I play classical more with my finger than the nail.
There are some talented classical guitarists who use the nail, that use the finger, and that use both.
 

GuitarToneFreak

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Here's one thing I've noticed after playing Bass since about October of last year.

I love playing both with a pick and without, they both sound great to me. However, I've noticed that when I play with a pick, I tend to copy the guitar part, more or less. When I play without a pick, it forces me to slow down and play 'bass', because I can't go as fast, etc. etc.

For that reason, I prefer to play without a pick, because it forces me to differ the bass part from the guitar, and when in the context of a song, it just flows better.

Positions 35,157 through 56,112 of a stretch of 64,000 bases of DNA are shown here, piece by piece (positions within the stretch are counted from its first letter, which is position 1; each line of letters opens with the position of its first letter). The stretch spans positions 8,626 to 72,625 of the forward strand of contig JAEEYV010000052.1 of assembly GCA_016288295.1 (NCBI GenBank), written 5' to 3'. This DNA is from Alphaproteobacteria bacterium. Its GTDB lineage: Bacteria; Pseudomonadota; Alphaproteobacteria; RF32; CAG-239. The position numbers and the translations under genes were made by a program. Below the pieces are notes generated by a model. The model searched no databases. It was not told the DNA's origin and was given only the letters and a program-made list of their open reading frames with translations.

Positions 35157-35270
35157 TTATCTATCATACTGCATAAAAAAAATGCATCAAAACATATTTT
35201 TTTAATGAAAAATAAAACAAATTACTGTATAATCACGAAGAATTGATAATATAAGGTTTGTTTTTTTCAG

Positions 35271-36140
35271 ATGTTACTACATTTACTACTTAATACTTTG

:dude:
 

JonR

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I play classical more with my finger than the nail.
There are some talented classical guitarists who use the nail, that use the finger, and that use both.
I use both, to be precise - in the sense that the fingertip connects with the string before the nail picks it; but also sometimes (with a little positional adjustment) I can pick with the flesh alone
And I do find that the shorter my nails are the better, on classical at least; but I still like the tone when picked by the nail (rather than flesh alone).

On steel string, it's definitely more nail than finger for me.
 

JonR

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For that reason, I prefer to play without a pick, because it forces me to differ the bass part from the guitar, and when in the context of a song, it just flows better.

:dude: